Another cause for concern is whether or not users should express empathy and respect to their voice assistants. A poll of over 5,000 people by Android Authority revealed that 24% of users never say please or thank you to voice assistants, while 25% do all the time and 51% do sometimes. This issue becomes more prevalent when considering child users who may be practicing bad manners by commanding their voice assistants. One possible solution is to have the voice assistant respond with additional phrases when a please or thank you is used. Individual companies may want to consider how their branded voice assistant responds, even adding in a, “You’re welcome” phrase at the end of a response.

24% of users never say please or thank you to voice assistants, while 25% do all the time and 51% do sometimes. 

Android Authority

The issue of language can become much more extreme, though, with suggestive or inappropriate language, especially targeted toward female voice assistants. With the majority of voice assistants being female, many users have asked them inappropriate questions, some even rude or abusive. 

The voice assistant’s answers have the potential to reinforce gender bias by signaling that it’s okay to ask such questions or to discourage such questions and promote equality. While there are no simple answers to this ethical question, having a diverse team at the development stage can help design an inclusive voice assistant. 

Children and voice AI

Voice assistants can have many benefits for children, making playtime or learning more engaging through voice-enabled toys and tablets, giving them endless stories or songs on voice-enabled devices, or giving them easier access to smart TVs—eliminating the need to navigate complex remotes. In fact, a survey by Common Sense and SurveyMonkey found that 60% of parents say their young children interact with a voice assistant. However, there are some ethical concerns that companies will want to consider when designing voice assistants that children could be using.

60% of parents say their young children interact with a voice assistant.

Common Sense and SurveyMonkey

When a voice-enabled device is connected to the cloud, it has access to a wealth of information. Some of that information, such as explicit songs, movies, or answers to questions, may not be suitable for children. With children’s imprecise speech, the voice assistant may accidentally bring up something inappropriate. A possible solution for this is to enable parental controls on the voice assistant to ensure that such material can’t be accessed by children.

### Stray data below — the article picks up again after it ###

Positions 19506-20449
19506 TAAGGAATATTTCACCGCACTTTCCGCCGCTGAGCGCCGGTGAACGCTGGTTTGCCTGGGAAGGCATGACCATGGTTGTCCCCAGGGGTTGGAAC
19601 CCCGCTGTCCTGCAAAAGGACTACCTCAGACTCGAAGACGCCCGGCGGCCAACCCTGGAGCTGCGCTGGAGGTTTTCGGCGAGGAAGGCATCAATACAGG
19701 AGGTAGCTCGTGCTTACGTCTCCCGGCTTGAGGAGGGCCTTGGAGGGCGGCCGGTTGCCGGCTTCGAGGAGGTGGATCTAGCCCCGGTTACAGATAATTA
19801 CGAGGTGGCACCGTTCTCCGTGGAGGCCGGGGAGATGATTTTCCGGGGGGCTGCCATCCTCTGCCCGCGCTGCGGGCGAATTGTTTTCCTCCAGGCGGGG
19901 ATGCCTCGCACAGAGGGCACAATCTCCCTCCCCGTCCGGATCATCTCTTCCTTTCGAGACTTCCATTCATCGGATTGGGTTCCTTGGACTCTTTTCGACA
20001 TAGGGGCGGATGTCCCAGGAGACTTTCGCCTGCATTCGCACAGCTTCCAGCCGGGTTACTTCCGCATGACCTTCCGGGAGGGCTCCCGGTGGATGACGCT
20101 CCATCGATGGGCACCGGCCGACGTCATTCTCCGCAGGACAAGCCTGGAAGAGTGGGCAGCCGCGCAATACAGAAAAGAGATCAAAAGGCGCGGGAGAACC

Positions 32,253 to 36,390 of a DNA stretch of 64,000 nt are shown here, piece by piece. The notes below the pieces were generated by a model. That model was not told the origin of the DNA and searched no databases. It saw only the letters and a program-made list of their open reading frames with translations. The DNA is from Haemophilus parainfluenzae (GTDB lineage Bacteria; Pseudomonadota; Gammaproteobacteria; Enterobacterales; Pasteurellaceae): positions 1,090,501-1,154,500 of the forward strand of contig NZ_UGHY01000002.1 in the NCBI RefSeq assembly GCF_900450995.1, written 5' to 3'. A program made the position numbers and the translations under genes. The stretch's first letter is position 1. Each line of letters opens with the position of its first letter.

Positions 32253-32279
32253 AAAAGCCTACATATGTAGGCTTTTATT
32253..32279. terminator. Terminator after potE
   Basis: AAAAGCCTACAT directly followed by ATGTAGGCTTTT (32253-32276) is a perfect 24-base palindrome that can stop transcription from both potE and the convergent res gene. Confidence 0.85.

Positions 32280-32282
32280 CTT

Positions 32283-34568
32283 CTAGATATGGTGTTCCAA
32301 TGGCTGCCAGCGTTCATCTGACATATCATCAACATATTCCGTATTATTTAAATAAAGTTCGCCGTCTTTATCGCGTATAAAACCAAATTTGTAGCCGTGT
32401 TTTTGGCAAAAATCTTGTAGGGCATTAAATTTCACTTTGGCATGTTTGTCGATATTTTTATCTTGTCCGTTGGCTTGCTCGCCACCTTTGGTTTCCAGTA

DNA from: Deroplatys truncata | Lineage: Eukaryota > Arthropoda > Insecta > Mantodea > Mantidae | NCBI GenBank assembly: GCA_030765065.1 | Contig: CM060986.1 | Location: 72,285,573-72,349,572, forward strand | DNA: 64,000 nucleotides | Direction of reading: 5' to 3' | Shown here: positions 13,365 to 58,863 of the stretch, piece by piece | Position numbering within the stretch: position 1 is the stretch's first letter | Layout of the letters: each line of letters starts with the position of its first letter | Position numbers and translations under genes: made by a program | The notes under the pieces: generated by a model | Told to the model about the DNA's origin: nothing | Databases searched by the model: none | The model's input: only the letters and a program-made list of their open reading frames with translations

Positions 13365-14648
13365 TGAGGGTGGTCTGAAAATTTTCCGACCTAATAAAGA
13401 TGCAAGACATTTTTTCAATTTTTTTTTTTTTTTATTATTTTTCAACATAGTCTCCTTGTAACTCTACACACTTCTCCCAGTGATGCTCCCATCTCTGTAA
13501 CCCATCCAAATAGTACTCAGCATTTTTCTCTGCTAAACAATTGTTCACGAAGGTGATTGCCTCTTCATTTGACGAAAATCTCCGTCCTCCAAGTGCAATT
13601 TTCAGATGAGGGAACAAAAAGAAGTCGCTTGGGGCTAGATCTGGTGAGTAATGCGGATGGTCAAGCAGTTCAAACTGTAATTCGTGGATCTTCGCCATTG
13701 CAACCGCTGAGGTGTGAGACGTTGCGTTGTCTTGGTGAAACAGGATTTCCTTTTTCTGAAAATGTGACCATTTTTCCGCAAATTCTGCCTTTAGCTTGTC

There is also the concern of data collection and privacy for voice assistants specifically designed for children or ones that children are using. The Children’s Online Privacy Protection Act (COPPA) requires the Federal Trade Commission to issue and enforce regulations concerning online privacy for those under 13 years old. Companies will need to ensure that they are following this set of regulations. Communicating compliance to these regulations and letting your customers know that you are taking steps to protect the privacy and safety of their children will reassure parents while creating brand loyalty.

Cultural biases in voice user interfaces

When designing a voice user interface, it’s especially important to consider cultural biases, including racial, gender, accent, age, and regional. Creating an inclusive voice assistant will open the door to more users from more areas as well as promote the brand’s message of inclusivity and equality. 

Regardless of whether your voice assistant is intended for global audiences or for specific regions, you’ll want to consider the level of respect or tone that the voice assistant uses as well as any other cultural norms or accents used by your intended audience. Some cultures are more comfortable with a casual tone while others expect more formality from their voice assistant. 

Understanding accents or imprecise speech from children or the elderly is also important to ensure that the voice assistant is as accurate and responsive as possible for your users. Excluding specific accents or age groups could be taken as a sign of discrimination or simply as a message that those people aren’t an important part of your target audience. Inclusivity not only reflects well on your brand, but it also gives your company the opportunity to expand its user base.

Having a team of developers diverse in race, gender, age, and location can help overcome cultural biases in the voice assistant. Brands should also consider having a diverse range of people for user testing as well. 

As voice assistants continue to become a part of our daily lives, responsible brands should consider ethical concerns when designing voice user interfaces, including privacy and data collection, suggestive language, child users, and cultural biases. Companies wanting to stay ahead of the game should plan for these before their users turn to voice-enabled competitors that are transparent with their users. 

At SoundHound, we have all the tools and expertise needed to create custom voice assistants and a consistent brand voice. Explore SoundHound’s independent voice AI platform at or speak with an expert or request a demo below.

Kristen is a content writer with a passion for storytelling and marketing. When she’s not writing, she’s hiking, reading, and spending time with her nieces and nephew.